Having established her cakes and pastries as Singapore’s favourite teatime treat, Bengawan Solo’s founder Anastasia Liew is keen to pass her legacy on to her son. But not before he has perfected the bakery’s 100-strong product line.
Under the fluorescent lights of Bengawan Solo’s central kitchen in Singapore’s Woodlands district, 67-year-old Anastasia Liew is preparing her signature kueh lapis: an 18-layer cake made of spiced batter. “You can’t scrimp if you want to produce top-quality kuehs,” she says, while taking the striped product out of the oven after two hours of baking. “Not time, not ingredients, not effort,” she adds as the sweet fragrance fills the room.
Keenly observing by her side is her son and apprentice Henry Liew. When he joined the family company at the age of 24, following mandatory military service and then university, his mother did not cut the business graduate any slack, sending him straight to the kitchen. She’s adamant that before taking over the reins of the business Henry has to master all 100 recipes, from pineapple tarts to ondeh ondeh: tasty coconut-dusted glutinous rice dumplings encasing just the right amount of palm sugar. “The proportions of all ingredients have to be exact,” he says, admitting that he is still perfecting his technique after more than a decade with the company.
Turning up at 07.00 in his uniform of kitchen coat and a hair net, Henry is learning the ropes from his mother while also heading up the company’s business development. “I had never baked before in my life,” he says. “When I started, my mother taught me the little intricate skills that machines cannot do. I realised that it is so important to be hands-on.”
Bengawan Solo’s humble beginnings trace back to 1976 when Anastasia, who had moved to Singapore from Indonesia a few years earlier, decided to make a business out of the craft she had learned from her mother. She approached a local supermarket to sell her home-baked goods with outsized confidence. “All the other cakes on offer cost 35 cents but I told the manager to sell mine at 50 cents,” she says. She assured him that she would buy back any unsold pastries but she never had to and other chains soon clamoured to sell her products.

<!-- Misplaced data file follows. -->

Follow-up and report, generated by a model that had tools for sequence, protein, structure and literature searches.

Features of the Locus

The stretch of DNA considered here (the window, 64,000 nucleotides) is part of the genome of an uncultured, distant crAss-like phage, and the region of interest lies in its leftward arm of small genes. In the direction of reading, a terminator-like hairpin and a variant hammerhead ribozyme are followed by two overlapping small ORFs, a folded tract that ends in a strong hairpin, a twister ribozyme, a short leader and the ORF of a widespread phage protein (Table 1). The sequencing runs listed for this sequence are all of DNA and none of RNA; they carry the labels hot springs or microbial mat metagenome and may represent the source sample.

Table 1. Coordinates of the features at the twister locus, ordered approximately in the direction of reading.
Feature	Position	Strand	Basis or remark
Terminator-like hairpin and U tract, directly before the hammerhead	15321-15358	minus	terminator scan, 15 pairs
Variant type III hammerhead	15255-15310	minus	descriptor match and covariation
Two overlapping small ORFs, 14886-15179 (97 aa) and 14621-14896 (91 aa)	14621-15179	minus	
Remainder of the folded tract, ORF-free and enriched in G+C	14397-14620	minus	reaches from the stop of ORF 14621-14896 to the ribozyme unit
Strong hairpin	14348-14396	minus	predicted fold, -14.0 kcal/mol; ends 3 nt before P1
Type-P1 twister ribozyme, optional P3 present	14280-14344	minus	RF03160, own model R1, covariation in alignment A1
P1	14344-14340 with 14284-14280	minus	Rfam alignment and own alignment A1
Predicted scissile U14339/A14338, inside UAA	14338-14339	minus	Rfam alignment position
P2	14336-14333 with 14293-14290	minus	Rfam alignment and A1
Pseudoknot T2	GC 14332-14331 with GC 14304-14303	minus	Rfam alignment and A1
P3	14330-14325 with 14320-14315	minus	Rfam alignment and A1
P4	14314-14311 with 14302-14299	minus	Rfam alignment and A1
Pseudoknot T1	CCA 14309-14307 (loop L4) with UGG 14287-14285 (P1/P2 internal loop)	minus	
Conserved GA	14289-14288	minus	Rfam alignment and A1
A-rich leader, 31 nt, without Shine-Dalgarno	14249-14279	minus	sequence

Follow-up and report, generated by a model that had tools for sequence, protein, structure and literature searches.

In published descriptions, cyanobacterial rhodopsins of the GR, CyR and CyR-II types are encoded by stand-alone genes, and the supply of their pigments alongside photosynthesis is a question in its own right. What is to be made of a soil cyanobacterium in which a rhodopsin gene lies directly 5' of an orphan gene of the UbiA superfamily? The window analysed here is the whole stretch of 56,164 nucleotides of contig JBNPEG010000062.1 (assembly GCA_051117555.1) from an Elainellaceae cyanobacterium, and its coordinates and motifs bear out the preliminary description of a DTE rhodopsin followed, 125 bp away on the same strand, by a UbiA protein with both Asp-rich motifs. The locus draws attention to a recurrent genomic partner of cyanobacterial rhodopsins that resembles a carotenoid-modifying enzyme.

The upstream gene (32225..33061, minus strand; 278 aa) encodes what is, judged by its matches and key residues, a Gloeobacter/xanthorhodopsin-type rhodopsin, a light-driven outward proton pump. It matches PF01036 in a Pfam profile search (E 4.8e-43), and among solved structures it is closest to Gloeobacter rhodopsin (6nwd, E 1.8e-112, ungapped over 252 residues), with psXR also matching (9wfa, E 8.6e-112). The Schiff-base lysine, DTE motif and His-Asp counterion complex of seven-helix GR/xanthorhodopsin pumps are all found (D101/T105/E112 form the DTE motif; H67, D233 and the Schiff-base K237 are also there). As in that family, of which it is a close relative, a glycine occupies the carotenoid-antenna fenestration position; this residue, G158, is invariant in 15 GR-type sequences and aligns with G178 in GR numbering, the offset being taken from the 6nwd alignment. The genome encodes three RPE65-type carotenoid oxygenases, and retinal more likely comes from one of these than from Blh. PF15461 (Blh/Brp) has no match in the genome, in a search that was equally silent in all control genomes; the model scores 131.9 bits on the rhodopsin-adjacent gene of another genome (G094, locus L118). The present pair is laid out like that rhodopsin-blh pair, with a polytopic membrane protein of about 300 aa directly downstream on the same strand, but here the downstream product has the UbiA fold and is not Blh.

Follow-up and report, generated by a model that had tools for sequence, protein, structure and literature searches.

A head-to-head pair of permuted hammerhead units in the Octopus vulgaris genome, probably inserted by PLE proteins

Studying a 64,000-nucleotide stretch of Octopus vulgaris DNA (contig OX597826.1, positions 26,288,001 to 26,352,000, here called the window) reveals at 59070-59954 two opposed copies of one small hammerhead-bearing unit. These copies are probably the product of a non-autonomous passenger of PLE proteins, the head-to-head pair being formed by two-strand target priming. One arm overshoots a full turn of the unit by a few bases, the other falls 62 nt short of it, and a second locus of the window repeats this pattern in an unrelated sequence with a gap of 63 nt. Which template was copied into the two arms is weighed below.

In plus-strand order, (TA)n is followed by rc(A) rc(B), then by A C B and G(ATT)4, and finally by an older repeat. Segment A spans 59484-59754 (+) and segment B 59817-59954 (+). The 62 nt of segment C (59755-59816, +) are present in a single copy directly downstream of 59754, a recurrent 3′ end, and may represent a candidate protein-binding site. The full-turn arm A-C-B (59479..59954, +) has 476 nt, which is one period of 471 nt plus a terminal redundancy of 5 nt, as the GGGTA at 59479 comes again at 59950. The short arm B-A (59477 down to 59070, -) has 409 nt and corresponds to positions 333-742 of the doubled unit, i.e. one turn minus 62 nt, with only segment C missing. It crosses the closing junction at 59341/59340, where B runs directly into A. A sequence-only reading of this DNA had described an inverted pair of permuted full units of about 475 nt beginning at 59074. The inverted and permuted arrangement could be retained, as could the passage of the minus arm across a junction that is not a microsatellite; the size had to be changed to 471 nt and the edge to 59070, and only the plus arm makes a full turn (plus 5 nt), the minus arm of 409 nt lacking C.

Bengawan Solo was officially created in 1979 when the long arm of the law caught up with Anastasia, who lacked the proper licence. She was issued an ultimatum: either set up shop or stop selling altogether. She chose to open her first shop in the city’s southern Marine Terrace district. In 1997, after nearly two decades of growth, operations moved north to the current Woodlands location, with the addition of a new wing in 2009. The firm now employs 400 staff and is one of Singapore’s most recognisable food brands, with sales reaching s$55m (€33.5m) last year.
The mother-and-son relationship has helped rather than hindered the generational transfer of the craft; a loving directness underpins their interactions. “We are very open with each other,” says Henry, just as his mother points out that he is using too much batter for the pineapple tart crust. “There’s an understanding that everything is done with the company’s best interests in mind,” he says with a smile.
“I spend most of my time in the kitchen making sure everything is up to scratch and improving existing recipes,” Anastasia says of her meticulous approach and direct involvement in the production process, even today. It is this spirit of perfection that she wants to impart to her son. When asked if Henry has surpassed the master she is quick to reply: “Not yet but I hope he will soon. I do want to retire – when he’s ready.” While he has a grasp of the fundamentals, Henry still has some way to go to reach his mother’s standards: “She can tell just by looking at a product if it is missing an ingredient.”
Despite the recent arrival of the now ubiquitous western-style patisseries on the island, the Liews are not worried; their treats remain a staple at teatime. “There really is no competition; cupcakes and muffins don’t embody a Singaporean identity like our kuehs,” says Henry. The kitchen distributes 54,000 cakes daily to Bengawan Solo’s 40 shops island-wide, resting for two days at Chinese New Year. Not that he is taking it for granted: to ensure customers keep coming back, he is putting in extra hours pinching, pressing and kneading under those fluorescent tube lights.